At 4.30 p.m, Gidudu, Watuwa and Khabeli were set off from the swamp to Mutoto Imbalu courtyard, where the cutting was to take place.
As we left the swamp, Gidudu, Watuwa and Khabeli betrayed no signs of fear.
Meanwhile in the hut at the courtyard, the aunties of Gidudu, Watuwa and Khabeli had gathered at the base of the Intzeko [central pillar of the hut], and had sat down legs stretched with hands on their hips.
This symbolic act in Gisu tradition to the best of my recollection is meant to bring good luck to the initiates as they are brought for the cut.
On arrival at the courtyard, amidst pushing and shoving, Gidudu, Watuwa and Khabeli were led by an elder to a sack where they were circumcised from.
Gidudu, Watuwa and Khabeli all stood stock still, eyes fixed forward and unflinching as the dreaded foreskin and inner incision cuts [kumurundura] were performed.
In a minute and few seconds, John Kuloba, the Mushebi (traditional surgeon) was done. He blew a whistle signifying the success of the operation.
Gidudu, Watuwa and Khabeli were congratulated by clan members, onlookers and relatives and given chairs to sit on.
The aunties who had sat in the hut came out, ululating and dancing in merriment.
“Iam now a real Busani burwa [a real man]. It was tough but it was worth going through it,” Watuwa asserted.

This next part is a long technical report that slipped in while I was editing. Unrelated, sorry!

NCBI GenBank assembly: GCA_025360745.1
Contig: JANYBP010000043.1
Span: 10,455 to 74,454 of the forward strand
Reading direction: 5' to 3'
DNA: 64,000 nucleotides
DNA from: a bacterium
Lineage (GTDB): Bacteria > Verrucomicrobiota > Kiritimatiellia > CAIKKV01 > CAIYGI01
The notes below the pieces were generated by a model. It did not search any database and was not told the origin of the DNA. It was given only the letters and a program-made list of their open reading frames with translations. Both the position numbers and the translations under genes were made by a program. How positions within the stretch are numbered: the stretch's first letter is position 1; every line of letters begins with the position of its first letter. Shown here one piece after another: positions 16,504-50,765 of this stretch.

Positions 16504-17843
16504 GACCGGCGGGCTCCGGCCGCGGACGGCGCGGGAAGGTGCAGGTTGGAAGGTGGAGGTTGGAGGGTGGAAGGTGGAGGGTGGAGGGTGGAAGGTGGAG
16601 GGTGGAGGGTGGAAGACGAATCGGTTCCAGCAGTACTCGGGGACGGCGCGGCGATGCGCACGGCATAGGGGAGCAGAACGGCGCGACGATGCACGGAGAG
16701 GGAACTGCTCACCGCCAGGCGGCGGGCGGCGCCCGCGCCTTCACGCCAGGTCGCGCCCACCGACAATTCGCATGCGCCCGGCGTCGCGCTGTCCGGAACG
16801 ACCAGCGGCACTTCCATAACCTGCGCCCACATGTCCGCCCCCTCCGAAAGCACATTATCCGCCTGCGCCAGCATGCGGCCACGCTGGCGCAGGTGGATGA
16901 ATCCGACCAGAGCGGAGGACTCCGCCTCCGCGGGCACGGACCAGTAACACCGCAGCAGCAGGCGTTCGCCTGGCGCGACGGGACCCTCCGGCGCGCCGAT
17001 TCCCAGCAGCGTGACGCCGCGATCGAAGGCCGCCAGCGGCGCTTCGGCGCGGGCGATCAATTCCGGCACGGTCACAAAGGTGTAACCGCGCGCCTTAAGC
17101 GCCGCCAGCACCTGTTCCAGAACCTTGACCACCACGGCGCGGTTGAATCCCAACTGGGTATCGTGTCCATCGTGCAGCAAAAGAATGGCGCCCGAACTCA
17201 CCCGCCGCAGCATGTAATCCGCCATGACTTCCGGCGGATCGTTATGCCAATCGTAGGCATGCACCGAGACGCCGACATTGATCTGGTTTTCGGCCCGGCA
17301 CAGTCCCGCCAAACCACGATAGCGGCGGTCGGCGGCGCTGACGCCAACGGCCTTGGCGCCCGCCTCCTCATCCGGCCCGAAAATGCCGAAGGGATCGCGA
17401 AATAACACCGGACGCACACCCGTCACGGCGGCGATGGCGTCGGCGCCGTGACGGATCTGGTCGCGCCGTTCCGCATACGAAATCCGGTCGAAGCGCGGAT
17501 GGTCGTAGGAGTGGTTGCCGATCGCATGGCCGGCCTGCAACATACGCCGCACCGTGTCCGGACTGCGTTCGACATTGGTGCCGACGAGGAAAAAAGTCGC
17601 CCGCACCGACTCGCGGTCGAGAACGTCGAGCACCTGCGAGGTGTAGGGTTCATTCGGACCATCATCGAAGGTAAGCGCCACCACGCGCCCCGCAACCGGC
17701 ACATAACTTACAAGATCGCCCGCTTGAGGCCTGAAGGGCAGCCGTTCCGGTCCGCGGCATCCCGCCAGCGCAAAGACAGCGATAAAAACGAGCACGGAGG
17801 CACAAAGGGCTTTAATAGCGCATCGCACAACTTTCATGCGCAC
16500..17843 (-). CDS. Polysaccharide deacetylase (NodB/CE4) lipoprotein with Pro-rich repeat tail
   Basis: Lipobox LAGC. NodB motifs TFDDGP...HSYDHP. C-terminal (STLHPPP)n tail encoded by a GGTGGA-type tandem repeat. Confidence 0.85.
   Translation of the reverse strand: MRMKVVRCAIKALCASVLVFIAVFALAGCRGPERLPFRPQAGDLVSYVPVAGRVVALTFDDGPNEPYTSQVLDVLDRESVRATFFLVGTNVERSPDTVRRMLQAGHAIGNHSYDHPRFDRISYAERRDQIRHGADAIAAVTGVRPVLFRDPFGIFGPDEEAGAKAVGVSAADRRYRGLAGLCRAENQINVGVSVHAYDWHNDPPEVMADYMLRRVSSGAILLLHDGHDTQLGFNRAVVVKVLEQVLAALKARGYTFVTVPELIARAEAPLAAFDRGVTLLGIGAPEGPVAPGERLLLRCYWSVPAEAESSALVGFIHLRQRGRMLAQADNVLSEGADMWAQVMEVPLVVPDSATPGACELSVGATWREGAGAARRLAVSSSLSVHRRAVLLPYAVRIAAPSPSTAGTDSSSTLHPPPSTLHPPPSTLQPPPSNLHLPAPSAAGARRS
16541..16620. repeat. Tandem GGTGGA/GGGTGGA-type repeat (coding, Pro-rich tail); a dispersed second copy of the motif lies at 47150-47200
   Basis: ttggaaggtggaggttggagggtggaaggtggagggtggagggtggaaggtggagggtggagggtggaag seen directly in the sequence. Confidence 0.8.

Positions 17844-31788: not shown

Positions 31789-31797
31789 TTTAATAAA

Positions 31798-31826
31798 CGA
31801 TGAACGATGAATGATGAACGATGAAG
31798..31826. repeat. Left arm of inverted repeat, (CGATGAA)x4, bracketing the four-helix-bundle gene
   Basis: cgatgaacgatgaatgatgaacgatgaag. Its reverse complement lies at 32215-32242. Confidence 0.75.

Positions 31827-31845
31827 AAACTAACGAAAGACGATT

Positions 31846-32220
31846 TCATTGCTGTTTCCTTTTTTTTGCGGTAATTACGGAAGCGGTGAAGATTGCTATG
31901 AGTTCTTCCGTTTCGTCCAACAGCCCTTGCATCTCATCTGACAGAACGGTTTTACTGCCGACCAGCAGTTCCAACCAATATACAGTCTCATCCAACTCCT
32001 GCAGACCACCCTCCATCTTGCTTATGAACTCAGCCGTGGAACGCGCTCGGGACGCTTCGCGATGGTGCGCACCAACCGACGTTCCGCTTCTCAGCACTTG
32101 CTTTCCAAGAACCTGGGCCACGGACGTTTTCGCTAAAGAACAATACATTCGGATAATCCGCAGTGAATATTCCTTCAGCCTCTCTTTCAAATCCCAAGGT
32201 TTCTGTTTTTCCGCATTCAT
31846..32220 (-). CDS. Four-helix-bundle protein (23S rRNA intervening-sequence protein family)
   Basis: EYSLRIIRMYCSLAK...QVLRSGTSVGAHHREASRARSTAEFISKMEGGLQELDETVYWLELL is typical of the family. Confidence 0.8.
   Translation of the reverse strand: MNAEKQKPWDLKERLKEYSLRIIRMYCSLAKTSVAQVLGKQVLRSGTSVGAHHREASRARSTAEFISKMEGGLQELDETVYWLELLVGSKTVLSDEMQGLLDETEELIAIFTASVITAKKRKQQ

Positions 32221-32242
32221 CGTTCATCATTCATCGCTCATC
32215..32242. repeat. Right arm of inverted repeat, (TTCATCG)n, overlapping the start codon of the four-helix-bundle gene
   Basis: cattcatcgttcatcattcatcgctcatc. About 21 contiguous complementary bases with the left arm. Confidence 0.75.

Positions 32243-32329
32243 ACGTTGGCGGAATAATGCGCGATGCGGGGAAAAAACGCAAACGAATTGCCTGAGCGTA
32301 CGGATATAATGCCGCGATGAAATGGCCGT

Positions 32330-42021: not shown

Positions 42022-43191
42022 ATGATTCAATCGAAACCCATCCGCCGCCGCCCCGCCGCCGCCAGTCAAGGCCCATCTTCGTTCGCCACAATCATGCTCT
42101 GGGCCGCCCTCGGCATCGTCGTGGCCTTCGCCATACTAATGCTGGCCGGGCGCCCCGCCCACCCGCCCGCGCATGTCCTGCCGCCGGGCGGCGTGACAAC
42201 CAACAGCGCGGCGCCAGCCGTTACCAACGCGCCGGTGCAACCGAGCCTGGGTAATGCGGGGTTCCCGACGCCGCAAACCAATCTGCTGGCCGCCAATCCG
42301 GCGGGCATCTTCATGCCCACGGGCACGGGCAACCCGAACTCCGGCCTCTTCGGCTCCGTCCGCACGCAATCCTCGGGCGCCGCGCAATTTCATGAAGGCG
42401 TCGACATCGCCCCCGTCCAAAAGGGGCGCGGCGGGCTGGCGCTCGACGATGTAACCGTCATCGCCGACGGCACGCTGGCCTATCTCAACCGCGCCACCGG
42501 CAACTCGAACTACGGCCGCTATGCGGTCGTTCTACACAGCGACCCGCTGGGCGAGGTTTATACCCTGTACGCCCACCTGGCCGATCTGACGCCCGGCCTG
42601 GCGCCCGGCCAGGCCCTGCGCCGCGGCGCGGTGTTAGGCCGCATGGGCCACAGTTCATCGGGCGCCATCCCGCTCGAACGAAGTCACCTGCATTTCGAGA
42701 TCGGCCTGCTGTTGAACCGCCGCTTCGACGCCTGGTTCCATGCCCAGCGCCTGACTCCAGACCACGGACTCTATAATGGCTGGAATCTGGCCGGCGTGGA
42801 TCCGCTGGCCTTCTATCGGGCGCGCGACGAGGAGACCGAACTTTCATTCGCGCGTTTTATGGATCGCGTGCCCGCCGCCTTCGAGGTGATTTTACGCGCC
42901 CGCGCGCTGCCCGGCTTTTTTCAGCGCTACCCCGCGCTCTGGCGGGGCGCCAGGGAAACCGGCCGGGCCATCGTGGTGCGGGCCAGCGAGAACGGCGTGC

After a while, Gidudu, Watuwa and Khabeli were taken through a purification ceremony known as Khusabisa.
The surgeon poured beer on their hands; signifying the washing away of the bad omen of boyhood.
They were reminded of what it takes to show real manhood in Masaba land [Busani Bubweene]
However hungry, an initiate is, he can not touch food until he is ritually cleaned by the surgeon who cut him.
IMPORTANCE OF IMBALU AMONG THE BAMASAABA
Imbalu is the most valued of all ritual observations in Bugisu. It is the Bamaasaba initiation rite for all males. It is conceived of as a personal test, a test of bravery which is publicly witnessed.
The Imbalu candidate or Umusinde is required to display total fortitude as he is cut. . No grimacing, blinking of eyes, body contortion or flinching is allowed, until the cut is finished. A candidate who does any of the above gets bad assessments from his clan, friends and elders.
It is conducted every even numbered year during August and December.
August is for village candidates and it occurs after a main harvest.
December is for school enrollees.
Imbalu means the music, dances and rituals performed while initiating boys into manhood among the Bamaasaba.